The days are getting longer and spring has almost sprung so why not dust off the families’ walking shoes during February half-term and head to Rhug Estate to go on a Farm Walk. You can even bring the dog – but don’t forget its lead!

The Rhug has a designated farm walk around the Estate which gives visitors an insight into the Estate’s farm life. Rhug is a working farm so the animals you see vary each time you visit but during half term visitors should be able to see the herd of Bison, the highland cattle and the chickens on the farm as well as the wildlife in the area.

Graham Webster, General Manager of the Rhug Farm Shop and Bistro said, “Being the owner of three dogs myself I certainly wouldn’t want dogs to miss out on a visit to Rhug. They are very welcome, but they must be on a lead at all times. They are allowed into the Bistro as there are dog friendly tables and there are drinking stations around the estate and outside the shop. We have also started selling our own organic dog food ‘Truffles’. The idea originated from creating a healthy organic product for Lord Newborough’s Labrador, uncoincidentally called Truffles, to enjoy.”

The meat for ‘Truffles’ dog food comes from Rhug farm. Other ingredients include: organic chicken, organic fruit and vegetables, salmon oil and camomile tea. The dog food is available in 500g packs for £2.50 from the Farm Shop.

Rhug Farm Manager, Gareth Jones, offers some advice to those walking around farm animals with their dogs. Gareth says, “When out walking in the countryside it is important to remember that it is a working environment where animals graze. Walkers should be mindful of their surroundings to fully enjoy the experience.”

Gareth continued, “Walkers should be vigilant, especially on entering a field or where you cannot see the whole field, and try to stay away from animals and to be aware of their movements. In the spring it’s especially important to be sympathetic to farm animals rearing their young and give them space.”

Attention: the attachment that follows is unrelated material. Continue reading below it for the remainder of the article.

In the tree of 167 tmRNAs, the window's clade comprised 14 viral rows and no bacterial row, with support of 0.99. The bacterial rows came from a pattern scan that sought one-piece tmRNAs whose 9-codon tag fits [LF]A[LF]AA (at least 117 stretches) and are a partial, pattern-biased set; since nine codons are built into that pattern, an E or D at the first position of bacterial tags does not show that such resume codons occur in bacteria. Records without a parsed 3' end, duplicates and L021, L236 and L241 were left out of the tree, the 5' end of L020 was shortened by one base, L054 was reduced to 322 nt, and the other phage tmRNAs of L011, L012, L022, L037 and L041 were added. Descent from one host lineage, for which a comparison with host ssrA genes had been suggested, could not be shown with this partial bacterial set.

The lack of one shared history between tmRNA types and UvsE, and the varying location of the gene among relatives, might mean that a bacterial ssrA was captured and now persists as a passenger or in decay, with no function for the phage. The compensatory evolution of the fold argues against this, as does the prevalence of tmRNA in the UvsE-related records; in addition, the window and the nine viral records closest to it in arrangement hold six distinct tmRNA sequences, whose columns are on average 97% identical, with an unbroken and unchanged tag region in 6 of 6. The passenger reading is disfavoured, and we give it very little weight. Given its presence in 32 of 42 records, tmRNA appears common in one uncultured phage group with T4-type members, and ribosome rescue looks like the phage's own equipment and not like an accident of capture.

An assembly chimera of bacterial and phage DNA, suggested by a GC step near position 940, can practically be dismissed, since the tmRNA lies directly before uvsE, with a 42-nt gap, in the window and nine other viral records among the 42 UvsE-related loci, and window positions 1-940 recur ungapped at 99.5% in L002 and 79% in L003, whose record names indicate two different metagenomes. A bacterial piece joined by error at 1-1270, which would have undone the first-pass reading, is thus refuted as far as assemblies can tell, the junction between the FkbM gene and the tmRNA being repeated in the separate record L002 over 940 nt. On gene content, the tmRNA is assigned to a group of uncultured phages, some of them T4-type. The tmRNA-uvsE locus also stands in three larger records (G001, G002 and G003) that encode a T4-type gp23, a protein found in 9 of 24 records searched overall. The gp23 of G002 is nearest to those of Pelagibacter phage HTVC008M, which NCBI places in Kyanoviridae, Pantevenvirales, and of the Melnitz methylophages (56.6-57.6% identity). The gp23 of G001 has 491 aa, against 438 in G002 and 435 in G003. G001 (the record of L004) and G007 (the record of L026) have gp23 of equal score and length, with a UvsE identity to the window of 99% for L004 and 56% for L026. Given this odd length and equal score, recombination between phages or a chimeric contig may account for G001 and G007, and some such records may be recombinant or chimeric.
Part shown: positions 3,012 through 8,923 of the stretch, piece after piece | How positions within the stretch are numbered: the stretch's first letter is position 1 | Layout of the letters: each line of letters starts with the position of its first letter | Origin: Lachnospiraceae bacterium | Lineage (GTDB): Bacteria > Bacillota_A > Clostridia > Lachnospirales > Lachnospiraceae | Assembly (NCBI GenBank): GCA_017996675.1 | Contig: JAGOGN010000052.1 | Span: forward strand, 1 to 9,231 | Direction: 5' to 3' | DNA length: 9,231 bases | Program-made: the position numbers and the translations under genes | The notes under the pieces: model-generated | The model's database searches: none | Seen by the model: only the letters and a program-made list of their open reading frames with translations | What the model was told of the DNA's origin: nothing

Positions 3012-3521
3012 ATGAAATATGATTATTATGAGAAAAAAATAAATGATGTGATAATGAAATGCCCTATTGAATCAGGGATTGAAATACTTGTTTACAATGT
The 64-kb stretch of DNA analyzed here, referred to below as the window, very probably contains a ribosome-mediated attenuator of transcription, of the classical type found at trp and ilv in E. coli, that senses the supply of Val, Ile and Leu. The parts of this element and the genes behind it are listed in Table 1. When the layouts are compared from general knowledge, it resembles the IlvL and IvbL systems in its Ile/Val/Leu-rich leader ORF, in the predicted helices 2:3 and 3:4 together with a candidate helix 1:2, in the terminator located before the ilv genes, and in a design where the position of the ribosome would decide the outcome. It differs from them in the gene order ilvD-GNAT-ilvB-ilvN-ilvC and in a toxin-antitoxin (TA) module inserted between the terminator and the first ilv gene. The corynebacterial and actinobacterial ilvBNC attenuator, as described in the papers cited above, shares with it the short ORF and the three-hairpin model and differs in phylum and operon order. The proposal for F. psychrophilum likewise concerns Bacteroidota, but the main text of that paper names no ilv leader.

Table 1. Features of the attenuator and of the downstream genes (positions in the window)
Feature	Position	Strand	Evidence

Dos and don’ts for walking amongst livestock from the Ramblers Association:

Do

  • Try to avoid getting between cows and their calves.
  • Be prepared for cattle to react to your presence, especially if you have a dog with you.
  • Move quickly and quietly, and if possible walk around the herd.
  • Keep your dog close and under effective control on a lead around cows and sheep.

Don’t

  • Don’t hang onto your dog. If you are threatened by cattle - let it go as to allow the dog to run to safety.
  • Don’t put yourself at risk. Find another way round the cattle and re-join the footpath as soon as possible.
  • Don’t panic or run. Most cattle will stop before they reach you. If they follow just walk on quietly.

The Rhug’s Farm Walk is free for all to enjoy, just pick up a map from the Farm Shop or the Bistro before you start off. During February half term the Shop and Bistro are open between 8am and 5pm daily.